1.5 More about the ∗-transform; transfer So far a number of isolated instances of ∗-transforms have been presented (the ∗-transform of IR and other sets, of functions from IR to IR and of statement (1.1) in the preceding section). Although it is too early to present a complete treatment of the ∗-transform, a number of interesting aspects of this notion may be discussed already now. To each number, each set, each function, each operation (such as + and ∪), each simple relation (such as < and ∈), each logical connective (¬, ∨, ∧, ⇒, ⇔), both quantiﬁers (∀, ∃), each deﬁnition, and each statement of classical mathematics, there corresponds a unique ∗-transform in nonstandard mathematics. The notation is quite simple: just add an asterisk to the upper left of the symbol representing what is to be transformed. Sometimes the∗-transform is identical to its inverse image, but often this is not so. In the former case the asterisk should, of course, be dropped, but even in the latter case this can sometimes be done without creating confusion. Below a number of typical examples is presented, but full details will only be given later on. a) Numbers. If x ∈ IR, then ∗x = x. b) Sets. If X is a ﬁnite set of numbers, then ∗X = X, and also (happily so) ∗∅ = ∅, but if X is an inﬁnite set of numbers, then X is strictly included in ∗X (in case X is an arbitrary abstract set and ∗X 6= X, X need not be a subset of ∗X.) c) Pairs. If hx,yi is a pair, then ∗hx,yi = hx∗,y∗i, and similarly for n-tuples hx1,...,xni.
d) Functions. If f : X → Y , then ∗f : ∗X → ∗Y , and ∗f(x) = f(x) if x ∈ X. Often the asterisk in ∗f may be dropped. e) Operations. As an example consider addition in IR. Its ∗-transform is ∗addition in ∗IR, and x∗+y = x + y if x,y ∈ IR. The asterisk can safely be dropped. f) Atomic relations. These are relations in which neither logical connectives nor quantiﬁers play a part, but only such relations as < or∈, etc. Consider ﬁrst < in IR, leading to ∗ < in ∗IR. Similarly as under e) we have that x ∗< y is equivalent to x < y if x,y ∈ IR, and again the asterisk can safely be dropped. Next consider set inclusion. Let X be a subset of IR, then ∈ X transforms to ∗ ∈ ∗X. But ordinary set inclusion too is, of course, applicable to ∗X, so that there would be two set inclusions for the ∗transform ∗X of X. Fortunately, the two are identical, so that dropping the asterisk is a must. g) The logical connectives, and both quantiﬁers. For all of them the ∗transform is identical to the inverse image, so that asterisks should be dropped. h) Deﬁnitions. For example continuity transforms to ∗-continuity and ∗f, introduced in Section 1.4, is ∗-continuous at c if (1.1) is true. i) Statements. To some extent this covers, of course, case h). To ﬁnd the ∗transform of a statement (1.1), it should be formulated in such a way that each bound variable x occurs in some set inclusion of the form x ∈ X, not x ⊂ Y . Then the ∗-transform is obtained by replacing each constant and each free variable by its ∗-transform. As an example consider (1.1) and (1.1) deﬁned in Section 1.4. Note that if in (1.1) ’∈ IR’ would have been left out, something diﬀerent would have been obtained. This is one of the reasons why at the end of Section 1.3 it was suggested to explicitly include each bound variable in some set inclusion. Why the inclusion x ⊂ Y should be avoided will become clear in the next section.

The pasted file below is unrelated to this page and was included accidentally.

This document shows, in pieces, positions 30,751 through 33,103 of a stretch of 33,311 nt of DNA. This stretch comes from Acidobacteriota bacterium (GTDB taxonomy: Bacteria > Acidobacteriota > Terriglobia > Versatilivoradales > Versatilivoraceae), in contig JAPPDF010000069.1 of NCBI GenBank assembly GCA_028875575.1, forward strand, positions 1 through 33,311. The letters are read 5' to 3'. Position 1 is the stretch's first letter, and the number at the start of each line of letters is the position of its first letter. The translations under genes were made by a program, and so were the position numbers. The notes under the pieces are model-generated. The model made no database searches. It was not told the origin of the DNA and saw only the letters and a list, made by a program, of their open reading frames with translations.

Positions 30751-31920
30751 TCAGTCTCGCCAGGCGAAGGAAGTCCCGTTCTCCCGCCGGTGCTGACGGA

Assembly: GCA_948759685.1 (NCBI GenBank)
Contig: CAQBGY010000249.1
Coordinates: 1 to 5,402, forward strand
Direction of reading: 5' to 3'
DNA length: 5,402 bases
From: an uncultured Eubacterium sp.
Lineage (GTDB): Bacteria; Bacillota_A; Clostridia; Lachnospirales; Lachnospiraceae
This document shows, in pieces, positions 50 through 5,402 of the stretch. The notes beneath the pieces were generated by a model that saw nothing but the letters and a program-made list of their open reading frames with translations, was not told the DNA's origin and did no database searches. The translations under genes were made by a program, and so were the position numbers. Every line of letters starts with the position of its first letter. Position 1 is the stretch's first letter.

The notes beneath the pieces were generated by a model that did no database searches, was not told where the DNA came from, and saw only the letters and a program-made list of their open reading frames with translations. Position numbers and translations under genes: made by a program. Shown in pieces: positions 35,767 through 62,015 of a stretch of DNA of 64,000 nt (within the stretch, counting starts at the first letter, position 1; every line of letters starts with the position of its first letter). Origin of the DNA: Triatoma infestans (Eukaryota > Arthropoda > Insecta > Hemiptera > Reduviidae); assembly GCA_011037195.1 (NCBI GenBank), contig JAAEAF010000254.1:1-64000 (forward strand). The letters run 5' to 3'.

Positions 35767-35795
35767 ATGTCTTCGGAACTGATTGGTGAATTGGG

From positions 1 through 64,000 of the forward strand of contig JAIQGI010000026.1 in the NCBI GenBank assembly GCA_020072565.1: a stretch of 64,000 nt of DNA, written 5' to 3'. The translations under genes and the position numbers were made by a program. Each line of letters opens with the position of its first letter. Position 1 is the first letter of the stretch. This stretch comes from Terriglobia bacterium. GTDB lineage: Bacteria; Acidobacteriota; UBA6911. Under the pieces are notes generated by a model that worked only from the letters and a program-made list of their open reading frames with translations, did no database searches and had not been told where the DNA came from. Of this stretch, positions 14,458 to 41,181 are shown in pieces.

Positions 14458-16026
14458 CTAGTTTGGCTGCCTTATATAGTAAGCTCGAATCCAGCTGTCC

One of the basic principles of nonstandard analysis is that any given classical statement (1.1) is true if and only if its ∗-transform is true, which results from (1.1) by replacing all its constants and free variables by their ∗-transforms. Note that the bound variables are not replaced. The principle is applied both ways, from IR to ∗IR, or from ∗IR to IR. In either case one says that the deduction is done by ‘transfer’. Assuming that everything is in prenex normal form, two simple nontrivial cases are,
∀x ∈ X : P(x,s) and ∃x ∈ X : P(x,s),
where X is some set and P(x,s) is some atomic substatement with x a free variable and s a constant or a free variable. The ∗-transforms are, ∀x ∈∗X : P(x,∗s) and ∃x ∈∗X : P(x,∗s), respectively. Clearly, for each of the two classical statements transfer is trivial in one direction, assuming that X is a subset of ∗X, but not necessarily in the opposite direction. The following two implications are the nontrivial ones, [∀x ∈ X : P(x,s)] ⇒ [∀x ∈∗X : P(x,∗s)], [∃x ∈∗X : P(x,∗x)] ⇒ [∃x ∈ X : P(x,s)]. Note that the ﬁrst implication starts from a classical statement and leads to its ∗-transform, whereas the second one starts from a ∗-transform and leads to the corresponding classical statement.